We live in a time in which anyone with a phone can nearly instantaneously post a blog or a video and influence many others within their networks. This has changed the game for those who work for institutions that represent “authority,” and who seek to influence the constituents they serve.
This recognition has also been made by the military. In “A refocus of military influence” by Vaughan Bell on Mind Hacks, Bell investigates the birth of the 77th Brigade, a new arm of the British military that “has been prompted by a growing realisation that the success of security strategy depends as much on influencing populations at home and abroad as it does through military force.”
The formation of the 77th Brigade is a mostly reflection of a wider refiguring of global conflict that puts cognition and behaviour at the centre of political objectives.
It is simultaneously more and less democratic that [sic] ‘hard power’. It makes the battle of ideas, rather than the use of force, central to determining political outcome but attempts to shape the information environment so some ideas become more equal than others. [bold added]
In schools, we have long shed disciplinary mechanisms of paddling and rapping knuckles with rulers. Yet we still cling to vestiges of this mentality, suspending kids right and left, rather than seeking to get to the heart of the psychological perceptions and emotional and social experiences that drive that behavior. But this, too, is changing, as concepts of “restorative justice,” rather than suspension, become more widely propagated. Restorative justice sounds like a hippie thing. But when you consider that the method strategically taps into the perceptions and emotional experiences and social networks of those involved, it becomes more evident as a tactic for better coping with complexity by harnessing the knowledge of those who hold the most critical information.
All of this talk of police work as embedded within the community it serves brings to mind David Simon’s “The Wire” series. One of the moments that most stood out to me from that show was when a police major, Colvin, laments the “warfare” mentality engendered by the “war on drugs,” and recalls the “real police work” of the beat officer walking the streets of the community she serves.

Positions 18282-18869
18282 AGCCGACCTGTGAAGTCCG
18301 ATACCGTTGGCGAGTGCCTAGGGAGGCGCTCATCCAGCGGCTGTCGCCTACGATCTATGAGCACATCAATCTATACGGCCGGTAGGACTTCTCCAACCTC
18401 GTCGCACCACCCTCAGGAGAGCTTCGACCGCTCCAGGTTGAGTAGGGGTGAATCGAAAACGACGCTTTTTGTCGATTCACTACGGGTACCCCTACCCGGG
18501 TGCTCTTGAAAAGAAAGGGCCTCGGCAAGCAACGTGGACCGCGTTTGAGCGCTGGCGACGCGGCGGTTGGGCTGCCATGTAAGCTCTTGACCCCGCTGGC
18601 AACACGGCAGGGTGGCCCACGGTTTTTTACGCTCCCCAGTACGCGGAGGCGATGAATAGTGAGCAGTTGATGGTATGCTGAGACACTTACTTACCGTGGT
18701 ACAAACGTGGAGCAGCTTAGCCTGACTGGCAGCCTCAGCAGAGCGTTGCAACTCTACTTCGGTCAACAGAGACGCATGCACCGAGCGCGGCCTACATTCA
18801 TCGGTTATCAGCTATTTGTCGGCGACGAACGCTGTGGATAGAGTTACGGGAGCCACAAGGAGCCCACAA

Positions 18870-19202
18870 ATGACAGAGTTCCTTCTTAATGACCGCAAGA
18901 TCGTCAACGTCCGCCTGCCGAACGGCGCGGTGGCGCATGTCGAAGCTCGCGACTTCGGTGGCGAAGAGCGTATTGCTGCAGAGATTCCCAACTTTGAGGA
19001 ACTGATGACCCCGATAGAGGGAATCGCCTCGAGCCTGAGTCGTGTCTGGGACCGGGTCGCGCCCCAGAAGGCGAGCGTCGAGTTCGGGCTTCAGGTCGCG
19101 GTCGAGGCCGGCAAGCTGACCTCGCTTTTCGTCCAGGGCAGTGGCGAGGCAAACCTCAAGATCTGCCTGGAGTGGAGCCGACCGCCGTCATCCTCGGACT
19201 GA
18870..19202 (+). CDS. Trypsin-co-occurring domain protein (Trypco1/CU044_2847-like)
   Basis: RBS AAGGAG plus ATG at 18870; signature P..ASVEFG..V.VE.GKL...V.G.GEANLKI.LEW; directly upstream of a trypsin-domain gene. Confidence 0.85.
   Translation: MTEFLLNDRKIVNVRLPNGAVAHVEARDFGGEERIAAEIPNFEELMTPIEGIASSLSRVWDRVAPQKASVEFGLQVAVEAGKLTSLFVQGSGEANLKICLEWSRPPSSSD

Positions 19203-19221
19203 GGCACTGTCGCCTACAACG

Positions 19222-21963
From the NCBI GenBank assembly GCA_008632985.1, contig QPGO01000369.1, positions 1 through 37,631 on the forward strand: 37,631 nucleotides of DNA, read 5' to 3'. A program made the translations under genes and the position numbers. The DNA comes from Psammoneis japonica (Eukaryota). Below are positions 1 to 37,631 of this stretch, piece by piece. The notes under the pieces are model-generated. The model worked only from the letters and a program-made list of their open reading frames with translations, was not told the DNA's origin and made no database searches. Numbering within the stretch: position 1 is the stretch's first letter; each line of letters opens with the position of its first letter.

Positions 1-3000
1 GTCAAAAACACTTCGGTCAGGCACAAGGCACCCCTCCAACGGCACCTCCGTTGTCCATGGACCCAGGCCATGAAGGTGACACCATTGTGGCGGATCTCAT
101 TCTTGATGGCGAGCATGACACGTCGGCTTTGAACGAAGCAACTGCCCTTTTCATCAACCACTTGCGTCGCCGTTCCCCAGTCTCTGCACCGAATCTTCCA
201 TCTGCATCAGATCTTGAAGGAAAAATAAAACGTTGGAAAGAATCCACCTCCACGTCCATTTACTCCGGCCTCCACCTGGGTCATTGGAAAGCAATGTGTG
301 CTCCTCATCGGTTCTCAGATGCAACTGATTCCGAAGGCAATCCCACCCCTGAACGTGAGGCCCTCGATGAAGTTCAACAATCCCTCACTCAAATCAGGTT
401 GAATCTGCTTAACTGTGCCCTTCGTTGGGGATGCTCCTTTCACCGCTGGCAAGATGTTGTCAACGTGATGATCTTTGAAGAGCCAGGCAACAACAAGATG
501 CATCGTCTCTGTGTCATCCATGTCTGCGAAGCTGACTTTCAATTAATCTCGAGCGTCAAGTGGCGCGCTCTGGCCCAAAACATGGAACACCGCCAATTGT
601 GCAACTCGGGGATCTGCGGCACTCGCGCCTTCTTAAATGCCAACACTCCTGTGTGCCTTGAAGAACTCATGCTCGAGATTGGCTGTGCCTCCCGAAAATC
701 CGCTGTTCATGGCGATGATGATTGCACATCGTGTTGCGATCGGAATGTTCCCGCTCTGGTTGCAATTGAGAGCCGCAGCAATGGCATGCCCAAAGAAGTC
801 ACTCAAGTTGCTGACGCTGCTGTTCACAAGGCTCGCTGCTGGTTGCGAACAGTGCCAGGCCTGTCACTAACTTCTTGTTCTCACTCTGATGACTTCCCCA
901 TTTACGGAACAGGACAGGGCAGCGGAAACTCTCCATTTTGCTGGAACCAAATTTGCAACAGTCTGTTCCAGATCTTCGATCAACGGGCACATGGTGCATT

Here’s a short clip of his monologue [Warning: strong language use]:
A central tenet of viewing schools as ecosystems is the acknowledgement of the complexity of education, whether at the level of an individual classroom, a school, a district, a state, or beyond. This complexity relates well to the natural world, particularly ecology, hence the analogy of an ecosystem. Ecosystems are rich with interdependencies and relationships that are ever evolving, just as a school is teeming with social, emotional, and intellectual interconnections.
In an editorial on Nature, the inherent complexity of ecology is analyzed, with the argument that due to its complexity, grand unifying theories are impossible. As the author puts it, “It is doubtful that the generalities that underlie the complex patterns of nature will ever be phrased succinctly enough to fit on a T-shirt.”
We’ve explored the concept that in the face of such complexity, prediction becomes a quixotic effort, and that we would do better to focus on what is more immediately and tangibly before us.
Similarly, Nature argues that ecological predictions based on disassociated “universal laws” must to be put aside in favor of field-based knowledge and understanding based on context.
Useful practical predictions need not stem from universal laws. They may come instead from a deep knowledge of the unique workings of each ecosystem — knowledge gained from observation and analysis. Proposing sweeping theories is exciting, but if ecologists want to produce work useful to conservation, they might do better to spend their days sitting quietly in ecosystems with waterproof notebooks and hand lenses, writing everything down.
He suggests that the cause of this may be that “Measuring things like years of experience and parental partnership is inexpensive and easy, and that’s nice. Someone at the school can submit this sort of data online. “
The data that states are using are isolated, easily gathered data points that someone sitting outside of that school thinks can demonstrate something inside of the school.
“Classroom measures, in contrast, are expensive. Someone with training has to actually observe what’s going on. That’s part of what goes into the “environment” measure, and it does look like that measure showed the most promise.”
I’ve talked about this problem before. A bunch of people that look at disaggregated data somewhere in a conference room far from a school think that they know what the quality of that school or teacher or student population is like. But you don’t know anything until you walk into a school, and you witness and listen to the interactions between the adults and other adults, the adults and the students, and the students and other students. Only then do you begin to get an idea.
So unsurprisingly, the same principle applies in preschool. Look at context. Look at what’s actually happening in the interactions in the classroom.
Lesson here to reform leaders: stop pretending that you can run a school without stepping foot in that school. Period.